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Established as America's first foreign naval base following the Spanish-American War, Guantnamo is now more often thought of as our Devil's Island, the gulag of our times. This book takes readers beyond the orange-jumpsuited detainees of today's headlines to provide the first comprehensive history of Guantnamo from its origins to the present.
Occupying 45 square miles of land and sea, Guantnamo has for more than a century symbolized the imperial impulse within U.S. foreign policy, and its occupation is decried by Cuba as a violation of international law-even though a treaty legally grants the U.S. a lease in perpetuity. Stephen Schwab now describes the base's role in American, Caribbean, and global history, explaining how it came to be, why it's still there, and how it continues to serve a variety of purposes.
Schwab views the base's creation as part of a broad U.S. strategy of annexations, protectorates, and limited interventions devised to create a strong sphere of influence in the western Atlantic. He charts its history from this early belief that it would prevent European powers from staking imperial claims in the Caribbean and examines the crucial defensive role that Guantnamo played as a convoy hub for strategic goods during World War II. He then looks at clashes over Guantnamo during the Cold War, culminating in LBJ's decision to make the base independent by firing Cuban workers and building a desalinization plant. Schwab also fleshes out Guantnamo's ongoing roles as the U.S. Navy's lone forward base in the Caribbean, providing refueling for U.S. and allied ships, as a Coast Guard station engaged in search-and-rescue missions and counternarcotics operations, and as a U.S. facility for processing undocumented aliens.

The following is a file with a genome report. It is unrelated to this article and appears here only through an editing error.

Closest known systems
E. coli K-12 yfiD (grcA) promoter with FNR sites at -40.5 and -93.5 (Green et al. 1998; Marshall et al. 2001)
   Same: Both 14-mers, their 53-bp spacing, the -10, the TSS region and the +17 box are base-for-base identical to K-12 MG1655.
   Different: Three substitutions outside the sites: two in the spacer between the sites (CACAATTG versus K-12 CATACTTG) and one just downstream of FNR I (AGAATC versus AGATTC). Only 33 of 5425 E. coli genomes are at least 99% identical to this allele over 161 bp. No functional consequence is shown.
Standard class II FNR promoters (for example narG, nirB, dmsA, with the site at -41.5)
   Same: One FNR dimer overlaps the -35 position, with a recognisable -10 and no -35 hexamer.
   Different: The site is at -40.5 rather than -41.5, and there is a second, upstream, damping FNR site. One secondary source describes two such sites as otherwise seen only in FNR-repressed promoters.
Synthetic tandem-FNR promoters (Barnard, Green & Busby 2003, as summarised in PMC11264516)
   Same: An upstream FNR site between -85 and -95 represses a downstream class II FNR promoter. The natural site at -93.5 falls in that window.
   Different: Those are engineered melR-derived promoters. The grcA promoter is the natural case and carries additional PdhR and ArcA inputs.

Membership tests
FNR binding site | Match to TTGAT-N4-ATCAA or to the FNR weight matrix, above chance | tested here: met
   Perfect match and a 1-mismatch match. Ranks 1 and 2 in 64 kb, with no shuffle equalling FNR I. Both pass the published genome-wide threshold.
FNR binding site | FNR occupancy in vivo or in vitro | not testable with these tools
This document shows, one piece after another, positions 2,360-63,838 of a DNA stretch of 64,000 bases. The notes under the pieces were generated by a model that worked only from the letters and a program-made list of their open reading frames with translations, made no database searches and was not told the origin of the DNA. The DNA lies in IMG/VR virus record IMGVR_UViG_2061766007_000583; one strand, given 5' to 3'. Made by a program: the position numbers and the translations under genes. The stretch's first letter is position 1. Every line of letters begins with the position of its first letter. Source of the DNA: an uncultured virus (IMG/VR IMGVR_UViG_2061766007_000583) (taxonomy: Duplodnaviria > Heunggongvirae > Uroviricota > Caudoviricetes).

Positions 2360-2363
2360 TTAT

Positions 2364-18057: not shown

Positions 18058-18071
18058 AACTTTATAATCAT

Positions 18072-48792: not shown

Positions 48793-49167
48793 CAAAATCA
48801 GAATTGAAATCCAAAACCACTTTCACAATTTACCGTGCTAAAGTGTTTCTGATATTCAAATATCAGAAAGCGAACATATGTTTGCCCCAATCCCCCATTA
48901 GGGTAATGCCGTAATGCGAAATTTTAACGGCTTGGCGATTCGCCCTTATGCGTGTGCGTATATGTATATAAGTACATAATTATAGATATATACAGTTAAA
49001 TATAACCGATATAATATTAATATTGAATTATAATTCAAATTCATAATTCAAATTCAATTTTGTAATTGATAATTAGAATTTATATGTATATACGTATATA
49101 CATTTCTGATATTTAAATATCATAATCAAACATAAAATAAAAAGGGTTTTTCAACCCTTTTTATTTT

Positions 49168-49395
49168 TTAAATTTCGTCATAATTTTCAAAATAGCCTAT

Even though the Castro government persistently protests America's presence—and refuses even to bank the rent that the U.S. dutifully pays—Guantnamo remains the only place where diplomatic exchanges between the two countries occur, and Schwab documents how the facility has served mutual interests as both a point of nationalistic frictions and a center for diplomatic compromise. By presenting Guantnamo's story within its broader historical framework, his book gives readers a greater appreciation of America's true stake in this controversial Caribbean outpost.
Introduction: The Significance of Guantanamo
1. The Rise of the U.S. Navy and Theodore Roosevelt
2. The Battle for Guantanamo in 1898
3. Cubans Resist Acquisition of Guantanamo
4. The First Overseas U.S. Base
5. Peace and War: Franklin D. Roosevelt
6. The Cold War, Part 1: Dwight D. Eisenhower
7. The Cold War, Part 2: John F. Kennedy and Lyndon B. Johnson
8. Guantanamo Endures
Appendix A. Imperial Germany and the Caribbean, 1890s-1917
Appendix B. Transcriptions of Letters from Elihu Root, 1901
Appendix C. Theodore Roosevelt's Recommendations to Congress for Representation in Cuba, 1902
Appendix D. Leasing Agreement between the United States and Cuba, 1903
Appendix E. Treaty Agreement between the United States and Cuba, 1934
Appendix F. Statement by the Government of Cuba, 2002
An illustration section follows page 163